In North Carolina, a Democratic state lawmaker officially switched her party affiliation to Republican, thus giving the GOP a supermajority in the lower chamber of the state’s legislature.
According to RedState, State Representative Tricia Cotham (D-N.C.), who was first elected to the North Carolina House of Representatives last November from the newly-created District 112, is expected to formally announce her switch to the Republican Party on Wednesday. Her switch will give the GOP control of 72 seats in the 120-seat chamber, exactly 60 percent of all seats, thus putting the party over the threshold of a supermajority that they fell one seat short of in the 2022 elections. The party currently holds a similar 60 percent majority in the State Senate, with 30 out of 50 seats in the upper chamber.
As Axios further reports, Cotham’s switch would give the North Carolina GOP “a veto-proof majority in the middle of the legislative session and a clear runway to enact their agenda despite opposition from Democratic Gov. Roy Cooper.”
This development represents a monumental shift in North Carolina politics. Once considered a major swing state that went for Barack Obama in the 2008 election before switching to Mitt Romney in 2012, the state has been slowly trending further to the right. President Donald Trump won the state in 2016 over Hillary Clinton by just under four points, and then narrowly won the state again in 2020 against Joe Biden by a margin of just 1.34 percent. That same year, Governor Roy Cooper (D-N.C.) was re-elected by a 4.5 percent margin of victory, while on the same ballot, Republican Mark Robinson won the lieutenant governor’s race by a margin of 3.2 percent.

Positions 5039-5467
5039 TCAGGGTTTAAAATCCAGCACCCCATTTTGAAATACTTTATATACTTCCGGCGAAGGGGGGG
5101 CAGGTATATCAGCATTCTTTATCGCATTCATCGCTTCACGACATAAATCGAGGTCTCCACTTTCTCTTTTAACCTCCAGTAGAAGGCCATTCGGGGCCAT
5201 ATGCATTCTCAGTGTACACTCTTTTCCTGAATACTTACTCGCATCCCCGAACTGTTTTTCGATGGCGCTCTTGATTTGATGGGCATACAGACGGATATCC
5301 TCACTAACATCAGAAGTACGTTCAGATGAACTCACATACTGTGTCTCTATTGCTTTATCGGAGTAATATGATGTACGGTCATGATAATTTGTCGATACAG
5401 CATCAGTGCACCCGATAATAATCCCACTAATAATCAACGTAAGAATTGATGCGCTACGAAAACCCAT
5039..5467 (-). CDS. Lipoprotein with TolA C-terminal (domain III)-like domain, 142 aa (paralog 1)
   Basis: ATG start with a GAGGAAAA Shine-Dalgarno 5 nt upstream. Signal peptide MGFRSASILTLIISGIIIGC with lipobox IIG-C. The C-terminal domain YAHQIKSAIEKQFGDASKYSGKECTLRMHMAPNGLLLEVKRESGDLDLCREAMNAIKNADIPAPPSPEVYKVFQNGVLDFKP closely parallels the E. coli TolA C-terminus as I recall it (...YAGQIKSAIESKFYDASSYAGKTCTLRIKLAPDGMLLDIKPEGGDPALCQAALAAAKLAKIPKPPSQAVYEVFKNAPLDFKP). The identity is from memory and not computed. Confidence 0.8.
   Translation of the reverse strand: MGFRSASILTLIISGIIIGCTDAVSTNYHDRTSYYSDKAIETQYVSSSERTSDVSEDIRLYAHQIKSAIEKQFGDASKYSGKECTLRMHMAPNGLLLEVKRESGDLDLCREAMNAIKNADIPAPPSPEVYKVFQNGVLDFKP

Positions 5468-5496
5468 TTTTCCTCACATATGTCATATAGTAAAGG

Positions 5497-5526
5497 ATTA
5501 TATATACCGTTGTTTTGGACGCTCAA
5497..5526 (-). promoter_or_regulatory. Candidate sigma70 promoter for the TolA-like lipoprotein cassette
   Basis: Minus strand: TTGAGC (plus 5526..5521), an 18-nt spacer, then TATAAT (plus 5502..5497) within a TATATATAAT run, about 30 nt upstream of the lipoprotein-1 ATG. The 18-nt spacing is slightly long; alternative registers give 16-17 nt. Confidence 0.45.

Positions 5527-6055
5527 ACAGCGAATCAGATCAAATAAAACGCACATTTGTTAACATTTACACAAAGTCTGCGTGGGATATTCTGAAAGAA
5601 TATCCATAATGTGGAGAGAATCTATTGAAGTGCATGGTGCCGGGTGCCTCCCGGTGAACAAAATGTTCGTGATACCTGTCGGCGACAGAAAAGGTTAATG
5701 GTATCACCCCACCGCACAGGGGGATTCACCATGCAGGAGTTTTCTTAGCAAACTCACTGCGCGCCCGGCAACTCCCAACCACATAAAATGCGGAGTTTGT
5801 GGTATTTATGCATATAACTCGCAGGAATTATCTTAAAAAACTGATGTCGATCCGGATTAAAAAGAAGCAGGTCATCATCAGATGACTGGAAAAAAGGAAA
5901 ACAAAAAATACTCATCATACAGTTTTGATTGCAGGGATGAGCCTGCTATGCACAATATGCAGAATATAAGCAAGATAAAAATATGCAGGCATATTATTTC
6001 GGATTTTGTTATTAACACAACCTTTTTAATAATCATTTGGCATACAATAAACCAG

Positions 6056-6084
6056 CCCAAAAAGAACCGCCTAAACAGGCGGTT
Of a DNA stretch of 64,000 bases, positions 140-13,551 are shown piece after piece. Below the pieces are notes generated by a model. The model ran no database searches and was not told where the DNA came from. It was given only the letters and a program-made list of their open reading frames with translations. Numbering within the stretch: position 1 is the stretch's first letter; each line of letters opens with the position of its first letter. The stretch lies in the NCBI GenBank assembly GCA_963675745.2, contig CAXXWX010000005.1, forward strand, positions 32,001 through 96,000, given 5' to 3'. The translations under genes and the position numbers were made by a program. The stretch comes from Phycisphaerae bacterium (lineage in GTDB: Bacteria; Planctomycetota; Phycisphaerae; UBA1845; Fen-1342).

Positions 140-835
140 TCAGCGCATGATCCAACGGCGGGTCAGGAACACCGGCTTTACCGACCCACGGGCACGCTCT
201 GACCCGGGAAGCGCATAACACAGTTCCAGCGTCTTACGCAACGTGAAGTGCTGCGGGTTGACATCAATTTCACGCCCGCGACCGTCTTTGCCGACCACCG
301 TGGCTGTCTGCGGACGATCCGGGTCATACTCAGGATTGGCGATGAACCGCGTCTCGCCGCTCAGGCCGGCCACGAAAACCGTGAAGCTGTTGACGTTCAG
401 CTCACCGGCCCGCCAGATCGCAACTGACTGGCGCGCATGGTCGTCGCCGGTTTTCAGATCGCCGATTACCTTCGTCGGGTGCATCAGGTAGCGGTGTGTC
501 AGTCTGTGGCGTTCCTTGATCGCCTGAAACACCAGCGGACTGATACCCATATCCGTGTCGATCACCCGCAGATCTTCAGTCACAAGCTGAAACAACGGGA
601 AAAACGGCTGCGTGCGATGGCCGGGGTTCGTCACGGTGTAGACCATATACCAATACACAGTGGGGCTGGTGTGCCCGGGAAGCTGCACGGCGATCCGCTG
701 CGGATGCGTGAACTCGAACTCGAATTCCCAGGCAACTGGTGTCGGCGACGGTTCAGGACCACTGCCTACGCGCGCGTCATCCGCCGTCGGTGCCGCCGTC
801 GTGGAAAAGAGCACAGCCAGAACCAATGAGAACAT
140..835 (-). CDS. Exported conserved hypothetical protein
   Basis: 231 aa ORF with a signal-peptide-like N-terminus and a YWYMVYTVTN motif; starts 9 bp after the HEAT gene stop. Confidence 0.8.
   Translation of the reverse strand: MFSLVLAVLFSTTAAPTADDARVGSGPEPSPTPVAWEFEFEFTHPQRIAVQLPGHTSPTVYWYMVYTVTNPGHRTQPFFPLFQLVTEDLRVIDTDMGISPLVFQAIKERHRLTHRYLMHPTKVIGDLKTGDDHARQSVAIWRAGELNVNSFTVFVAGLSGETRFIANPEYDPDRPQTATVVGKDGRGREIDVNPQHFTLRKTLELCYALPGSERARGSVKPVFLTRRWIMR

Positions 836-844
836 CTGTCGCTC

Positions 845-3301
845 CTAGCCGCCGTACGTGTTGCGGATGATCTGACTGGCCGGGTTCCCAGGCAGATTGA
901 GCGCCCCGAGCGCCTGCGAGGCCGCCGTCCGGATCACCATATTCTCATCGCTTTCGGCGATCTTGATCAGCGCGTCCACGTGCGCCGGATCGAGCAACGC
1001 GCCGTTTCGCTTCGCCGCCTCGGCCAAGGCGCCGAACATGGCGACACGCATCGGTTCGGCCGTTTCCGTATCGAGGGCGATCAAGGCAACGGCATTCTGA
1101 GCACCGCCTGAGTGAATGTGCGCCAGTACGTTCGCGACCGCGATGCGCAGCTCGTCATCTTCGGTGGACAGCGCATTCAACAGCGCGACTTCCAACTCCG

Then, in 2022, the GOP picked up two seats in the state house and another two seats in the state senate. Most crucially, last November saw Trump-endorsed Congressman Ted Budd (R-N.C.) win the open race for the state’s U.S. Senate seat, by a margin of 3.2 percent against Democrat Cheri Beasley.
While the North Carolina GOP has enacted its veto override against Governor Cooper before, Cotham’s switch solidifies their majority and now all but guarantees that the party can pass laws without Cooper’s signature.